My name is Sonia. I am 25 years old and I am from Afghanistan, in the Badakhshan province. I was a GIZ [a German company that specializes in international development] employee for five years beginning in 2009. I was working for a gender project of our partner, the Ministry of Women’s Affairs. We were conducting trainings for women in the districts regarding women’s rights, gender equality, gender-based violence, and human rights.
Even before the Taliban came to my province I was threatened by Muslim religious leaders in my province, who didn’t want our trainings. They said we were trying to change the ideas of Muslim women, and said that I was a non-Muslim woman because I was working for an international organization.
And then when the Taliban came to my province they were also threatening me, so I transferred from Badakhshan to the GIZ office in Kabul. After some months our organization needed a female internal control officer to travel around Afghanistan. The problem is that in Afghanistan, it is forbidden for a woman to travel without being escorted by a mahram [a relative the person is not allowed to marry]. I was the first and only woman to take this role.
During my internal control work I met a man named Mustafa who was working for GIZ on an air traffic control project in Mazare Sharef. He became my friend, and that same month we got married, another big problem as love marriages are taboo in Afghanistan.
After we were married, my husband also transferred his job to Kabul so that I could continue my work there. We worked in Kabul for two years, and then one day my husband heard that when the Taliban catch or find anyone who is working for an international organization, they have a machine that can use your fingerprint to identify which organization you work for. We were afraid and resigned our jobs. We went back to Badakhshan, my own province, and we were waiting. We thought maybe the situation will change and we can restart our work.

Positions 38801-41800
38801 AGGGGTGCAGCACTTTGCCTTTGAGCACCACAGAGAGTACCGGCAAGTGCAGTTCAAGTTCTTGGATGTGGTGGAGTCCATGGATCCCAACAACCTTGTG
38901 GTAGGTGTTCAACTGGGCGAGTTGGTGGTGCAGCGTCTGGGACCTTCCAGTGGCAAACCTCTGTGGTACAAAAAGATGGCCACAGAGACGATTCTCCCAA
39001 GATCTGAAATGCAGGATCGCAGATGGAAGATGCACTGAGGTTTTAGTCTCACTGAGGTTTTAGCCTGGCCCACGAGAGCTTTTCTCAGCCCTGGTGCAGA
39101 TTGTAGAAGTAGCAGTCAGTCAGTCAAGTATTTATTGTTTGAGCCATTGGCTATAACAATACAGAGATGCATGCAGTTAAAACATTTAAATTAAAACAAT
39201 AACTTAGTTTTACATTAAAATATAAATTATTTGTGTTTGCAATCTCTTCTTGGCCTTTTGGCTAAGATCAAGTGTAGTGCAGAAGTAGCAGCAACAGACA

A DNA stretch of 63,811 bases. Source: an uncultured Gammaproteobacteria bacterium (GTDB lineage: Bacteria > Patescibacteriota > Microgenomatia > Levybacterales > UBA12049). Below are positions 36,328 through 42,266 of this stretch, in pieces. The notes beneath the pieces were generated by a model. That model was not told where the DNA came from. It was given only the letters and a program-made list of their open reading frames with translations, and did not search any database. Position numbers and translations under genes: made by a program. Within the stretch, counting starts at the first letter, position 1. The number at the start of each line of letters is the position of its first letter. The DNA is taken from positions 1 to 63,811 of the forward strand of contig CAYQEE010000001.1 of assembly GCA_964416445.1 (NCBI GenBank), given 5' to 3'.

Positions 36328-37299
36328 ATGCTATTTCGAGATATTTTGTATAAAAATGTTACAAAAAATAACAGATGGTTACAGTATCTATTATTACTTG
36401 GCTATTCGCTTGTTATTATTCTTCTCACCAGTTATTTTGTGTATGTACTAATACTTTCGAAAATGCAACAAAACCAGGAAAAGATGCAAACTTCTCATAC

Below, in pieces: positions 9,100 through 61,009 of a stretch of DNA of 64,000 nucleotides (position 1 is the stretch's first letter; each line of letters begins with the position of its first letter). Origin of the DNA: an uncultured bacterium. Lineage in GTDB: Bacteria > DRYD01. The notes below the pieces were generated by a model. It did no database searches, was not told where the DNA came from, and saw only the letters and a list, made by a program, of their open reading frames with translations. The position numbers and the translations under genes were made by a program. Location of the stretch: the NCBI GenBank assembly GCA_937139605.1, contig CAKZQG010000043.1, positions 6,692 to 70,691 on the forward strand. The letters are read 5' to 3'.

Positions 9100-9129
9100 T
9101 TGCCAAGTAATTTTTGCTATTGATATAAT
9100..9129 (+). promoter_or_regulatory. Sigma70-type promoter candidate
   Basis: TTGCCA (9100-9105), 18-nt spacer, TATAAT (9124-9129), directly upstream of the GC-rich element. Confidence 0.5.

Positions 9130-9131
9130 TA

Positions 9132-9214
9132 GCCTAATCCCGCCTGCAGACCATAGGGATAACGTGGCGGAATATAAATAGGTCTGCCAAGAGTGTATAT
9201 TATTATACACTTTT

But after two years Badakhshan province was full of Taliban and the situation was getting worse. That is why we decided to leave Afghanistan.
I have an 8-month-old baby now, and it is only because of his future that I want to be out of Afghanistan. Every day he would wake up to bombs exploding. Yesterday a bomb in Kabul killed 318 people. I don’t want that for him.
My husband and I enjoyed our experience working with the German people, so that is why we want to go to Germany and serve for the German people, because they understand humanity. I can say when I start working with them, I know that I am a human and I am a woman. I hope I can make you all understand the same.
I know Greece is also a nice country and with kind people, but I don’t know their language. My husband speaks some German already and I’m sure we can learn German quickly. Through our years of working with Germans in Afghanistan, we can understand them very well. I want to continue working, and I would like to work for GIZ in Germany.
In the camp in Greece, Sonia created a school to teach English to Syrian and Afghani students. The classroom has several round desks for children to sit around, and there is a blackboard. Volunteers provided basic schools supplies, such as paper and pens. She teaches English for one hour a day. Fifty students attend the school, from six years old up. Some women even attend the classes, wanting to learn English. She says it is important to keep herself busy. She also has a 17-year-old girl helping her, who teaches some math.
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